(For the record: I’ve never told anyone that their work can’t be written. Aside from being patently untrue, it’s completely unhelpful. My goal as an advisor, peer, and peer reviewer has always been like an improv comedian: when someone throws out a premise for a skit, never contradict it or say “no;” say “YES! And. . . “ throw something else on the table that the other person can pick up and run with. If we see intellectual life as a collaboration rather than gatekeeping, ours jobs will be more fun.)
Have any of you noticed the same ceasefire? What has happened? Is it that historians became more informed about the choices they make in selecting evidence and building their arguments, when previously they had assumed that sources “spoke for themselves?” Is it that literature has also turned to materiality in the same way historians have over the past two decades? Is it that cultural history is what a lot of us in both History and literature departments claim to be writing? Is it that we all got kind of bored with the language of “theory” and got over ourselves? Is it that we were all a bunch of jerks fifteen years ago, and there’s a different mix of people out here? Is it that we at the Huntington get to have coffee in the garden in January, and all the fresh air and sunshine has put the zap on our brains? What do you think?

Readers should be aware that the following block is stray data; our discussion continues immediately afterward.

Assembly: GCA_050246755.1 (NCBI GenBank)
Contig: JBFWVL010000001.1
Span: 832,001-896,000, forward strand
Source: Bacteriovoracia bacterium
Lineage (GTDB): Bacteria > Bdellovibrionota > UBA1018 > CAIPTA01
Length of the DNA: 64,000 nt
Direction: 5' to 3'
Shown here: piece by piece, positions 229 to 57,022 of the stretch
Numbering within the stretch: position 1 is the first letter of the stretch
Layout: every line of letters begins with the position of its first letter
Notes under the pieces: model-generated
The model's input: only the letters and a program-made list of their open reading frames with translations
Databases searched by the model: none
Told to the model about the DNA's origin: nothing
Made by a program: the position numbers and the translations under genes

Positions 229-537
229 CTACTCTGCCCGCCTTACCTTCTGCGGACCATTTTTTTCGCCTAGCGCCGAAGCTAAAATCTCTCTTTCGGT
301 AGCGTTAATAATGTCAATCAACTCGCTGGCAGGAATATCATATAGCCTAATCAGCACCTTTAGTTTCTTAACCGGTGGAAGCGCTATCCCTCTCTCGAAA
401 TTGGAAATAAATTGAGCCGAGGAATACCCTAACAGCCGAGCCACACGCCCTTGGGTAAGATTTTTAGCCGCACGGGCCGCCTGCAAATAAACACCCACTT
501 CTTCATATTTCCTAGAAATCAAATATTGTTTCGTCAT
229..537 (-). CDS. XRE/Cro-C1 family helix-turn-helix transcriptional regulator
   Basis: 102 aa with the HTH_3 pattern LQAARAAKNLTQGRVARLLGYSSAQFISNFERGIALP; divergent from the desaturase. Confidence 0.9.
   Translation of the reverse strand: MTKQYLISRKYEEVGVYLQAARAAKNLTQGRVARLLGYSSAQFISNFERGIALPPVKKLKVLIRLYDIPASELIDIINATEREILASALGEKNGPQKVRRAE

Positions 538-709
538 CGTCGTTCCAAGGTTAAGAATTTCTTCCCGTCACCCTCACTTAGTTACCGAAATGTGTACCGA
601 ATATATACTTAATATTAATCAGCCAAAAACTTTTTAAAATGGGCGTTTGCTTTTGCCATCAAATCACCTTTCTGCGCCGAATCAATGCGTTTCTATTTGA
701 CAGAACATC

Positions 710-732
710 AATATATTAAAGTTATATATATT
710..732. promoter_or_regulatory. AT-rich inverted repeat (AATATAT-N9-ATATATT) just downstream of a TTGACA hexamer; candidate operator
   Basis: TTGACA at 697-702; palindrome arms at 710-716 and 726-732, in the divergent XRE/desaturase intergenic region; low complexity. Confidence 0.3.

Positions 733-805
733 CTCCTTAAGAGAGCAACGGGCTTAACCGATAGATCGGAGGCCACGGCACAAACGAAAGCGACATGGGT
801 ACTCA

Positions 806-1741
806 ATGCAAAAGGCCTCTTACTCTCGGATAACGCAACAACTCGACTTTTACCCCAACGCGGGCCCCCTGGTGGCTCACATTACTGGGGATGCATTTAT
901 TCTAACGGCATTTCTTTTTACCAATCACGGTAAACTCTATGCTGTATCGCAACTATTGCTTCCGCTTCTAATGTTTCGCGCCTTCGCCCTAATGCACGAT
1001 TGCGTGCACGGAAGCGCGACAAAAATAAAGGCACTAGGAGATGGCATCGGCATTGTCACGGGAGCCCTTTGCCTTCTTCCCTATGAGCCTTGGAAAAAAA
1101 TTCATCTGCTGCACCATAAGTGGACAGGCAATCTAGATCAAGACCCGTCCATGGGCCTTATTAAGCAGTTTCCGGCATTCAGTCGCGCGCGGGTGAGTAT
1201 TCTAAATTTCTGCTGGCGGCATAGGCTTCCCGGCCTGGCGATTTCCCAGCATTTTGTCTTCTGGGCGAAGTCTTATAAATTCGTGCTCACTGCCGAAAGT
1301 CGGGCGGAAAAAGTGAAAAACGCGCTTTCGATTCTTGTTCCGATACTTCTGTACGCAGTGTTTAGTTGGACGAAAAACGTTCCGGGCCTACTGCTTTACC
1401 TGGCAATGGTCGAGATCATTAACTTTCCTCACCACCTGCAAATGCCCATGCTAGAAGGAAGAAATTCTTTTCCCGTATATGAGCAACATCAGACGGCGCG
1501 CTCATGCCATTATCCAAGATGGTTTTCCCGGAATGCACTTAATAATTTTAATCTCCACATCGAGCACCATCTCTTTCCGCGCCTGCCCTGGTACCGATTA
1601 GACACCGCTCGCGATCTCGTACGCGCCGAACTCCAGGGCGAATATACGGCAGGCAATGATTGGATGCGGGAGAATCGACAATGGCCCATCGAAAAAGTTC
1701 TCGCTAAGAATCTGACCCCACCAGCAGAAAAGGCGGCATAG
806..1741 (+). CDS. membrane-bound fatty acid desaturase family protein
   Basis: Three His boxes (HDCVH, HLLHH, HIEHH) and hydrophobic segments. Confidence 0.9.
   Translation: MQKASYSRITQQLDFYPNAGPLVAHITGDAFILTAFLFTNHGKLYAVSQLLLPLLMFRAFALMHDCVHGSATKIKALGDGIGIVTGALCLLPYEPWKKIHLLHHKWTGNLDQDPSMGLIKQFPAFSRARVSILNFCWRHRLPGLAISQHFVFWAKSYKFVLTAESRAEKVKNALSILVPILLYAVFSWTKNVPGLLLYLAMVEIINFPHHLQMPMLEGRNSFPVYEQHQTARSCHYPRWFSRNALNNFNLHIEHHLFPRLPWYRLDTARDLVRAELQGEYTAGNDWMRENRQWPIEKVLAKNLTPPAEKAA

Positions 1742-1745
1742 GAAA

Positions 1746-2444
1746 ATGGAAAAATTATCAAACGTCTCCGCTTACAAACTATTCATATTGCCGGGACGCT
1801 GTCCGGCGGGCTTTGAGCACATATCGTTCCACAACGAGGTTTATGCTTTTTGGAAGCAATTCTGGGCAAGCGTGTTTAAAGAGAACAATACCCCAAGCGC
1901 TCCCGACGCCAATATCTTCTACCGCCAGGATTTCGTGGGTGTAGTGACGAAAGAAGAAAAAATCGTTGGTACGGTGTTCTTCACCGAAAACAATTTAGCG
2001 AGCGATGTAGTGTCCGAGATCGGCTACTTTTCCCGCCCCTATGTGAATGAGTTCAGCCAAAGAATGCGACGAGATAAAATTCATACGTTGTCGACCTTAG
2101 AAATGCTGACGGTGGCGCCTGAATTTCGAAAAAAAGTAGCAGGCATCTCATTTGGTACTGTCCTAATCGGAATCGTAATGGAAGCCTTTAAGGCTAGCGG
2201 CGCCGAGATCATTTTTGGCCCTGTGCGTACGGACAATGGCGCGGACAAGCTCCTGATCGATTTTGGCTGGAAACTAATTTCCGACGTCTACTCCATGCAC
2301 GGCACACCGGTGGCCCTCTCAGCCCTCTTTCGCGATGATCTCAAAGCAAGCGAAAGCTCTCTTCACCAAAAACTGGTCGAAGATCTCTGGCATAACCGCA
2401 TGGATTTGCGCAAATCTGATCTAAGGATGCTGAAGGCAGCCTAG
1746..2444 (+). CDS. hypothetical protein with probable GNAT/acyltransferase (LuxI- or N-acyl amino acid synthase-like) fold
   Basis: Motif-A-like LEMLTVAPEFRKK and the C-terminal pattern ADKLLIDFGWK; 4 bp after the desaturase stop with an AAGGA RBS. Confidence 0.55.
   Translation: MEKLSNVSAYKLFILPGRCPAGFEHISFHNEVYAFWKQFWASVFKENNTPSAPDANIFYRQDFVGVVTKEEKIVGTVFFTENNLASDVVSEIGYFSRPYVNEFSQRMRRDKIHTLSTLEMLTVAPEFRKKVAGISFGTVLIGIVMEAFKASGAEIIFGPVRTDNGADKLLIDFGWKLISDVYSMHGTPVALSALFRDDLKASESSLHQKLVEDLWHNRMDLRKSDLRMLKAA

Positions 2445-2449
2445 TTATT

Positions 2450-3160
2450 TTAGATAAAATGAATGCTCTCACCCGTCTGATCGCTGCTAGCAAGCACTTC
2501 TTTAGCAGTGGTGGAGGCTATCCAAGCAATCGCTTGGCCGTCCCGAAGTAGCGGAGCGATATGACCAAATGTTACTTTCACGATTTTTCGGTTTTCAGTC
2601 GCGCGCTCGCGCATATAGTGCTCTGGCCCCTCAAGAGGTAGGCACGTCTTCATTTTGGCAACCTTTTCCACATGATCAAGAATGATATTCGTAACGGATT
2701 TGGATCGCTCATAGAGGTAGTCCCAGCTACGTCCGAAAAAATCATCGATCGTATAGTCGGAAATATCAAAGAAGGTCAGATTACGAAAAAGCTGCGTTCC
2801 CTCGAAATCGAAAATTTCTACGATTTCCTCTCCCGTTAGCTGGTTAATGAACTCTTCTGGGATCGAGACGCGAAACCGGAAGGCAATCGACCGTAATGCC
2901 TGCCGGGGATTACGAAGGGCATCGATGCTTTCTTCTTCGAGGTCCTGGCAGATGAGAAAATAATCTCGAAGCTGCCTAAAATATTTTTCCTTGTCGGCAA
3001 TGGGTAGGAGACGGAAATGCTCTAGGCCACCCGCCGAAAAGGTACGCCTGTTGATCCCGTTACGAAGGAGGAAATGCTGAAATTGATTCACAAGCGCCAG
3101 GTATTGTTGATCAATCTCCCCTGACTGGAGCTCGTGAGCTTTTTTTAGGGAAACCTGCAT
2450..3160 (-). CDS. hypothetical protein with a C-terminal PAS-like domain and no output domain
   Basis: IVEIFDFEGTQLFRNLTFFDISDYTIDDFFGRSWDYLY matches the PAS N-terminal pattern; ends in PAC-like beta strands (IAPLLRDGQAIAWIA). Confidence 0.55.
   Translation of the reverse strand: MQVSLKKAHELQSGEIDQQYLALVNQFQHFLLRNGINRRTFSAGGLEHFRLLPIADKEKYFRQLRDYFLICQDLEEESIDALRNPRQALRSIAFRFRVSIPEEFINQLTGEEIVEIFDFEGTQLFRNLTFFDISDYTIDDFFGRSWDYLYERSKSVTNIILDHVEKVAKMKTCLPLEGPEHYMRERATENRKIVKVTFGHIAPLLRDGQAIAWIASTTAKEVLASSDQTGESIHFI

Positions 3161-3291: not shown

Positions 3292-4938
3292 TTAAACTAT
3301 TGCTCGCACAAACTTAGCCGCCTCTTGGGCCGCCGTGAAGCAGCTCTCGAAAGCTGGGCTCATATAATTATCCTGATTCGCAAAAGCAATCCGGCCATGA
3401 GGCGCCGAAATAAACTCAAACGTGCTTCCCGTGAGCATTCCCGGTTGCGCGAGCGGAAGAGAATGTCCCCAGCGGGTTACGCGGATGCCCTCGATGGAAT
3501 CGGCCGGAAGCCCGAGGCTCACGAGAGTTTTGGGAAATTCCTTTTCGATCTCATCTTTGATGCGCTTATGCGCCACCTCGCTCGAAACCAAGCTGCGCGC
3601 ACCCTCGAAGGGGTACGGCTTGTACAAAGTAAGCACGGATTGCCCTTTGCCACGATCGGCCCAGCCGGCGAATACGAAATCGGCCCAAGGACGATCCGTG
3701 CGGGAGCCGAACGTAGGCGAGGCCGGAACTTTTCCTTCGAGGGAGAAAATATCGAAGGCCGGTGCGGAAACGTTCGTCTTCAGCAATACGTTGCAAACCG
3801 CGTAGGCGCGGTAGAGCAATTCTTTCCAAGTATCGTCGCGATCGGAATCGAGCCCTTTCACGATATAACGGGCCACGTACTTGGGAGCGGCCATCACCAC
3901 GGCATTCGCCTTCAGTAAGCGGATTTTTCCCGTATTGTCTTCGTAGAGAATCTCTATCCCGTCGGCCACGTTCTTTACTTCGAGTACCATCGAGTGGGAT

Or is it that we finally realized we’re all humanists adrift in a world that devalues both history and art, and all we’ve got is each other (plus some art historians and American Studies folks as well)?
22 thoughts on “History versus literature: a ceasefire at last?”
We’re all humanists adrift, I think. I remember the same kinds of unhelpful conversations at about the same time. I’d also been working on what were essentially captivity narratives and had a literary scholar tell me I couldn’t interpret things the way I had. (You can’t do that. You can’t write that book.) This was as crushing as my grad school experience of taking a seminar in the English Department on American women writers (I was so excited to get into that class), and having the prof tell me my work was reductive and she supposed that was because I was a historian. Yikes. My hopes of combining my two loves of history and literature were dashed.
Maybe everyone has gotten over the theory thing. I never cared for it much anyway, but narrative was so unfashionable then. My grad school profs couldn’t say the word without a sneer or snide comment.
I like the idea of promoting collaboration and helpfulness. Now, if we could all do it at the Huntington….